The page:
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Put Order and Information into File Names - Articles Surfing
Unless you place your faith in internal search engine software or document databases to track your work, consider a relatively low-tech enhancement to your work methods. I promise it will pay big dividends.
Consider how you name your files and folders. Have you missed an opportunity to clear the clutter and make your work more accessible? When you look at file names within a folder, do they sing out to you with sweet meaningfulness, or are they a cacophonous jumble of confusing heiroglyphics?
The eye likes symmetry. The mind loves order. When you create files and they pile upon one another over time, does their accumulation reflect a master plan or a disaster unplanned? When you view your list of files, is your eye happy, your mind content?
Basically, filenaming is an unrecognized art. Most of us are left to our own devices to figure it out. The good news: with some thought, you can be the artist of a system which will resonate with function.
Let's start by considering the basis upon which files should be ordered. I will jump to the punchline and say it out loud: chronologically. To order files chronologically, have the filename start with a datestamp prefix such as YYYYMMDD- or YYMMDD. If you do this, your files will always sort themselves chronologically and you will have no trouble finding the latest and greatest work within a folder.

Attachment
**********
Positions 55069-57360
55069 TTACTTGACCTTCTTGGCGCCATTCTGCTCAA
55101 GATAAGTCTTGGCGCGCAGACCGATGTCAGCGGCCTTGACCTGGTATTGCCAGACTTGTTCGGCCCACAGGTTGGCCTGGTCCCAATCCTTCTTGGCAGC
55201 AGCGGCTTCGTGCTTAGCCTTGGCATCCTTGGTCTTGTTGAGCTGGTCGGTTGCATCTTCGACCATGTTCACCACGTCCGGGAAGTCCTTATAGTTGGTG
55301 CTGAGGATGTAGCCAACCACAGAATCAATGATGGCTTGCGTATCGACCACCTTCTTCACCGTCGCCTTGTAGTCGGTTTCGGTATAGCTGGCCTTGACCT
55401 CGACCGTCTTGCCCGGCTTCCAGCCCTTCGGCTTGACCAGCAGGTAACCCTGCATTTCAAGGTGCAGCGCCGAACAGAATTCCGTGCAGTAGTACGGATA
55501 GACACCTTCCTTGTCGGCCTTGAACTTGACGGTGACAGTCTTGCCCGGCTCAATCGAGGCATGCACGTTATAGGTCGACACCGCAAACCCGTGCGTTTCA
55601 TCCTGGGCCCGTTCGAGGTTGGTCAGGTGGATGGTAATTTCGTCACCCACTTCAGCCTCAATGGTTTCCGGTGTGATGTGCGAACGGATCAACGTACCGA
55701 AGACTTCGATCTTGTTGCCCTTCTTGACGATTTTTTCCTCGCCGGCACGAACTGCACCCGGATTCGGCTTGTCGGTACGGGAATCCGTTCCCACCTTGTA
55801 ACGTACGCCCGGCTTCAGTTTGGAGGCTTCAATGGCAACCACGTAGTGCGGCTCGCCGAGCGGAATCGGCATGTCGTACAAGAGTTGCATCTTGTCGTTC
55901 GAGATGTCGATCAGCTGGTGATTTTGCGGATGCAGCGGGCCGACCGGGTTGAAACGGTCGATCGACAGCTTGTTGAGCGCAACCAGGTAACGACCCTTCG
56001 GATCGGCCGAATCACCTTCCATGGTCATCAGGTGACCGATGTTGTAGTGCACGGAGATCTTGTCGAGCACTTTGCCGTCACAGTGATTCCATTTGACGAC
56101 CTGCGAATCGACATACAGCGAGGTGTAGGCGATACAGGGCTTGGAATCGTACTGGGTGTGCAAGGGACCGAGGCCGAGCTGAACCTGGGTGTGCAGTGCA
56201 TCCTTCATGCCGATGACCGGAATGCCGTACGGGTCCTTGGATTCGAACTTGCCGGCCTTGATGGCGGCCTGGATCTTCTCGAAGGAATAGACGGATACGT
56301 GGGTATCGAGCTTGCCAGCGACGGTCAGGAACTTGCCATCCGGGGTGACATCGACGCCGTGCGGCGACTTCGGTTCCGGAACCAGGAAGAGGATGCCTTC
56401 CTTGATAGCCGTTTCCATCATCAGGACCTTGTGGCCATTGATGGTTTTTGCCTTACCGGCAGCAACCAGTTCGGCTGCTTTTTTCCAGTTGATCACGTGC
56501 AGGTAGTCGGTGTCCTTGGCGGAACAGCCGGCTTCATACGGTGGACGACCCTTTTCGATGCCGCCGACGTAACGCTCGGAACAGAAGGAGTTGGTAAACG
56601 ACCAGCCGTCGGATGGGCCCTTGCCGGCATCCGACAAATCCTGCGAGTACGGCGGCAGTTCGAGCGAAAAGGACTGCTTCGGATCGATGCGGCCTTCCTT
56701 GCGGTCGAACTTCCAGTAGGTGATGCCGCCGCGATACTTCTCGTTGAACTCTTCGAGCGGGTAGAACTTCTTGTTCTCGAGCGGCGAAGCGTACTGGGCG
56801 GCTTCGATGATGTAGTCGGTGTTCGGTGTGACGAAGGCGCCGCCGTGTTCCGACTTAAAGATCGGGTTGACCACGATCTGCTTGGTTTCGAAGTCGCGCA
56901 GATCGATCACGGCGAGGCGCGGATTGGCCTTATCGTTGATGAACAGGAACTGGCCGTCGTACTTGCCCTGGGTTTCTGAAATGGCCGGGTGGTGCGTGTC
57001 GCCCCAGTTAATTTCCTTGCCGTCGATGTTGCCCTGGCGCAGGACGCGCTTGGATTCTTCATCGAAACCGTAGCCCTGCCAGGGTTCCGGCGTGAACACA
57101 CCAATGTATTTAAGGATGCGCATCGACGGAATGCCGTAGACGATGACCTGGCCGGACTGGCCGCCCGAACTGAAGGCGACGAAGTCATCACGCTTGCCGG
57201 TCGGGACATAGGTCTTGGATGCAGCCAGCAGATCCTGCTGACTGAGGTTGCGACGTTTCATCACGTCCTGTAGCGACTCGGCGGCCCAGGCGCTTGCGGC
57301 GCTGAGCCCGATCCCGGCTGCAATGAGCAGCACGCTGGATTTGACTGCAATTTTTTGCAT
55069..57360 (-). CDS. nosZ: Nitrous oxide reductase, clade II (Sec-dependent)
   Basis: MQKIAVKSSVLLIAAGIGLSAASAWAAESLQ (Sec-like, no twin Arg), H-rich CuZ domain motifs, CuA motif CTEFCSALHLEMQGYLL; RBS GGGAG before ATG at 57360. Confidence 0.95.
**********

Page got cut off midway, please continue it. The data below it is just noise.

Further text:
What you do following the datestamp prefix depends upon how the file will be used. If the file travels to someone else as an email attachment and then returns back to you after some sort of review, I recommend having the second portion of your filename be a locator.
The locator can be a 3-5 character abbreviation which will give you a solid hint about where the file needs to be refiled upon its return. You develop the locator so that you and others in your group recognize it as an abbreviation for a project. When they see the datestamp prefix and locator, they will already have much information about the contents of the file.
After entering the datestamp prefix and locator, now you can write a nice, meaty descriptive text (descriptor). Use as many characters as you like, just beware that beyond a certain length, the filename will be truncated during display, and you will lose, rather than gain information. Consider 30 characters to be a maximum filename size.
Subtracting 7 characters for the date stamp and 3-5 characters for the locator, this gives you 18-20 characters to tell your story. The way to know if you are doing a bad job with descriptors, is when you see the identical descriptor in multiple files. Don't repeat descriptive text unless you specifically want to highlight the similarity between the two files.
Tip: NO spaces in names of files or folders. Spaces are not FTP-friendly and you may be FTP-ing sooner than you think.
Tip: NO unnecessary capital letters and DEFINITELY NO TEXT WITH ALL CAPS. It's not only irritating, but it also takes away a useful tool, that of using upper and lower case text for better conveying your message.
Tip: Find a style and stick with it. For example, if you like the looks of hyphens separating datestamp, locators and descriptors, then do it that way every time. If using underscore between words in the descriptor feels right, then make it a habit. Even artists can have discipline, you know.
Tip: Use language to the greatest extent possible. In other words, use words more than acronyms. Cutsey corporate acronyms, after the first dozen or so, get pretty boring.
Examples of good file names:
Bad file names:
article.doc (too vague - what article? )
Copyright 2005 Mark Meshulam
Copyright © 1995 - Photius Coutsoukis (All Rights Reserved).
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Food and Drink B
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